State of Alaska: 24,000, $725.97.
You should be outraged. These are the prices each state charged recently for public records. To be precise, the Great State of Alaska charged $725.27 for 24,000 pages of emails by former Gov. Sarah Palin. The emails came in five boxes. Each box weighed 55 pounds.
Meanwhile, Florida charged $784.84 for 1,100 emails (not pages). And these precious emails were not those of Gov. Rick Scott. No, these were the public records of his communications director, Brian Burgess.
Let's repeat - Palin, 24,000 pages $725.97. Burgess, 1,100 emails $784.84.
Crowley Political Report would like to think that Burgess emails are more fascinating than Palin emails but we suspect not.
Florida was once known as the nation's leader for public openness. Floridians have a fundamental belief that they are entitled to know what their government is doing. Unfortunately too many elected officials and government employees have contempt for Florida's Sunshine Laws.
Clearly Scott's office has little regard for access to public records. Not only does his office make it painfully slow to complete public records requests but by charging onerous fees it makes access to public records unaffordable for the average citizen.
Yes, many if not most of the public records requests that arrive in the governor's office come from the media - and who wants to have sympathy for those guys. But the fact is that public records and open meetings laws are meant to protect access for Florida's citizens.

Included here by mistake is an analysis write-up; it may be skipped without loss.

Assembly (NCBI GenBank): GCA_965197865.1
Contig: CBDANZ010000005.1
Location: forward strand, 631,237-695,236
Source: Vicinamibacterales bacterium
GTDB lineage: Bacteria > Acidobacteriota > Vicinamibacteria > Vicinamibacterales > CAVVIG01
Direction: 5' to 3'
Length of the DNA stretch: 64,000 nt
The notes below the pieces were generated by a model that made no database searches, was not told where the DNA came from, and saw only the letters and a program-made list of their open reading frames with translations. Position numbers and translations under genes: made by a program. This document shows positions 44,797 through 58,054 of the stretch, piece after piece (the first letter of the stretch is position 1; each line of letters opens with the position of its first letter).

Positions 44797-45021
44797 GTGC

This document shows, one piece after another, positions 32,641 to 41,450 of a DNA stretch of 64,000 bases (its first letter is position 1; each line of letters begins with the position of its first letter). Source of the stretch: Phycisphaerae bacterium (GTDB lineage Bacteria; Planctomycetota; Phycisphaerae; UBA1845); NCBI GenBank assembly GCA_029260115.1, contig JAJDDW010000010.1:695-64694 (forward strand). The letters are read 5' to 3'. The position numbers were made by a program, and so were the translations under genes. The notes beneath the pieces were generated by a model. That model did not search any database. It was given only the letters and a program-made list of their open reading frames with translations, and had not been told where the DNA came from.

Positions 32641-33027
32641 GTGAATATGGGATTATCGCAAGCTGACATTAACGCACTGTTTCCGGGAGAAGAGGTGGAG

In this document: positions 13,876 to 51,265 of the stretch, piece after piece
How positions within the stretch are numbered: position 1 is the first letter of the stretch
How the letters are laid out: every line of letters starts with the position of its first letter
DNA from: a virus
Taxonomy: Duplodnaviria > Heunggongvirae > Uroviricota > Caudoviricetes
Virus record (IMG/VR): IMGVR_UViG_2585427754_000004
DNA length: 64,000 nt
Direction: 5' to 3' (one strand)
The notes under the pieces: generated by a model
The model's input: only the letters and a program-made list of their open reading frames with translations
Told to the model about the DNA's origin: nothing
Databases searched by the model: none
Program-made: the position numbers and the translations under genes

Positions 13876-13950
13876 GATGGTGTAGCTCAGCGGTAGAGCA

A brief example - many years ago, a young reporter dropped by a sheriff's office to see the daily report log - a public record. The reporter asked to see the log and the answer from the deputy on duty was "who are you?" The reply, "does it matter?"
"Yes, we don't just show the log to anyone."
"But it's a public record."
"Well we don't show it to just anyone?"
This back and forth went on for awhile. Finally the duty sergeant arrived and admitted that any citizen was entitled to see the log.
Sometimes the media forgets that the public records and open meetings are not about the media but about the public. And sometimes the public forgets that the fights the media leads to win access ultimately benefit the citizen who, for whatever reason, finds the need for a public record.
Remember, if public officials are willing to block access to the media - what stops them from blocking access for the average citizen.
And what happens in the governor's office trickles down to county and local governments - and that is particularly worrisome in places where reporters rarely, if ever, show up. That makes it even more imperative that citizens have access to government records and open meetings.
Recently, "public" meetings for a citizen's committee of a school board were held behind locked doors. Citizens had to sign in at a front desk, take an elevator and then be admitted into the locked room. No media covered these meetings.
This week the First Amendment Foundation meets in St. Petersburg to discuss the current status of Florida's open meeting and public records laws. The group, of which Crowley Political Report is a member, will also be looking for ways to increase citizen involvement in these issues.
With the size of the media rapidly shrinking, the number of reporters to keep an eye on your government is diminishing. It has never been more important for citizen's to demand their right to know what their government is doing,
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Art by West Palm Beach artist Patrick Crowley